By Gwen Schanker, editorial columnist

The world of journalism is being continually shaped and reshaped by the digital age. The high prevalence of bloggers and citizen journalists, contributors to the so-called “fifth estate,” creates an environment of conflicted views. This can be confusing for consumers. Although there is a tendency for people to seek out worldviews that match their own, many of today’s newsreaders are looking for an unbiased source of journalism. This may have contributed to the rise of data-driven journalism, which in the weeks leading up to the election has been evident in everything from CNN’s electoral maps to the up-to-the-hour polls from the New York Times. Numbers have always been a key part of the news media, but new advances in data journalism have made these numbers even more impactful.

As my classmate Tali Soroker, junior math major at Northeastern, writes on her blog, “Try to imagine the news without math. […] Advances in data analysis have transformed the way in which news stories develop and the ways in which we understand them.” The great power of numbers also comes with great responsibility, which has led to an ongoing conversation regarding the best way to communicate data in the news media. This conversation has become especially relevant during this contentious election season.

One writer for NUSci, Northeastern’s student-run science publication, of which I am the current editor-in-chief, put together an article for the latest edition of the magazine about the science of polling. The article, titled “In polls we trust scrutinize with a heavy dose of skepticism” and written by biology major Anh Phan, highlights some of the challenges of creating a reliable poll. The key, she writes, is collecting plenty of data across groups to minimize sampling error. For example, Northeastern’s straw poll is a good way to see where members of the university lean, but is not likely to capture the varied opinions of the rest of the Massachusetts community.

Other sources have attempted to corral polling data on a more comprehensive scale. Sites like Nate Silver’s FiveThirtyEight and the Crystal Ball at the University of Virginia Center for Politics employ experts with both statistical and journalistic knowledge in an attempt to make sense of the constant stream of numbers. Silver and his colleagues have generated a model for the 2016 election that forecasts information based on state polls. This type of prediction model is a game-changer for communication on the election.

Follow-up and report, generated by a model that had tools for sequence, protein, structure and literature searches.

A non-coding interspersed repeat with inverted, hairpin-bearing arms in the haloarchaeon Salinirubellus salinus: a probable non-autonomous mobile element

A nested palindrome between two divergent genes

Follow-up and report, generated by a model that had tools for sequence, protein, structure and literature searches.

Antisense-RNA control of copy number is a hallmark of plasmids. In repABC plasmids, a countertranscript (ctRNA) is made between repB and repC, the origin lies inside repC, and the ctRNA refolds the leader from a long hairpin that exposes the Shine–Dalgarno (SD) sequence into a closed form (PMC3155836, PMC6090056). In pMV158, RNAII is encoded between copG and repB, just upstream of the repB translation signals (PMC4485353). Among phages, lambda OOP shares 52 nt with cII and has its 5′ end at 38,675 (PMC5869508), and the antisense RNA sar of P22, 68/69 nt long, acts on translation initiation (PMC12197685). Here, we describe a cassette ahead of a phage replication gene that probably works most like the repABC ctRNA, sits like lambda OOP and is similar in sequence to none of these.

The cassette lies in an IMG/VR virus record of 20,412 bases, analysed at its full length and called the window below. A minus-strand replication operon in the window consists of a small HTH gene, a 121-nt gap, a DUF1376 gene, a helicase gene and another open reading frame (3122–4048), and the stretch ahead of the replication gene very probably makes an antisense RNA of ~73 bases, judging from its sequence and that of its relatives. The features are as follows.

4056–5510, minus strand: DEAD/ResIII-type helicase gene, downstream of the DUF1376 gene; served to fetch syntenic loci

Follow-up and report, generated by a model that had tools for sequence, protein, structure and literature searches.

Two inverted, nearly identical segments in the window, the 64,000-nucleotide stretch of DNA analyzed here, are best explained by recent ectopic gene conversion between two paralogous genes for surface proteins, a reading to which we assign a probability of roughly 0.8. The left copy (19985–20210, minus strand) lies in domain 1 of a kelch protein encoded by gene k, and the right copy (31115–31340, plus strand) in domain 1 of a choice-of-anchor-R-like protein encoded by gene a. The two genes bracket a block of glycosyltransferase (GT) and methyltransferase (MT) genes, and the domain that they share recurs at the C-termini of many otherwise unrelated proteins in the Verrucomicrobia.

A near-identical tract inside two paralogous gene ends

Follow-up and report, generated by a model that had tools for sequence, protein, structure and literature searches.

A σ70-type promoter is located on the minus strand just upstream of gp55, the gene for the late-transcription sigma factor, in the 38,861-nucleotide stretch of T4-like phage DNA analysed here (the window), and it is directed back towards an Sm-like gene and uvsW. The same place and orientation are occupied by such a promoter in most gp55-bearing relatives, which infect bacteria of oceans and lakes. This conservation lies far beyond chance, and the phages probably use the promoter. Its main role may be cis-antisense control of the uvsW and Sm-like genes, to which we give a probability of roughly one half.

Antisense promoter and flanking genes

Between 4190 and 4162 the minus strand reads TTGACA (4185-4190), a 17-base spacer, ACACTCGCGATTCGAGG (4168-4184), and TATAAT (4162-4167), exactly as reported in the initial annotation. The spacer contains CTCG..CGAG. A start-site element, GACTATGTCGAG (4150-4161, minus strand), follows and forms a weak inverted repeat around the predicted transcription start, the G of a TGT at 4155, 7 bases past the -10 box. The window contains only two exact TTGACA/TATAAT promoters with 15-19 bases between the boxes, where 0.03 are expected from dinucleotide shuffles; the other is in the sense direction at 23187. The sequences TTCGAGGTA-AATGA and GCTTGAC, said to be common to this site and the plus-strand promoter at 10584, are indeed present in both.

The all-important electoral map, which has been flashing across TV screens for months, also has a role to play here. Many news sources seem to agree that the map is in need of an upgrade, since it communicates only geographic data and does not show the number of electoral votes each state receives, a statistic often not proportional to the size of the state. A map that adjusts the geography in order to show proportionally the number of electoral votes – or any other variable – is referred to as a cartogram. This article from National Geographic explains this phenomenon well. Like forecasting models, cartograms are a potentially revolutionary way to demonstrate election data.

The bottom line is that while numbers are key to understanding the potential outcome of the election, one source of information just isn’t enough. The knowledge of how to use numbers in journalism is still evolving, which means there’s still a great deal of uncertainty in an area where readers are hoping to find solace in concrete information. Fortunately, there are a number of pioneers who will contribute to making data journalism an even more accurate and valuable tool: everyone from Nate Silver to student writers like Soroker and Phan. By engaging with the numbers, readers will also contribute to this evolving journalistic landscape.

An earlier version of this article misspelled Anh Phan’s name. We regret the error.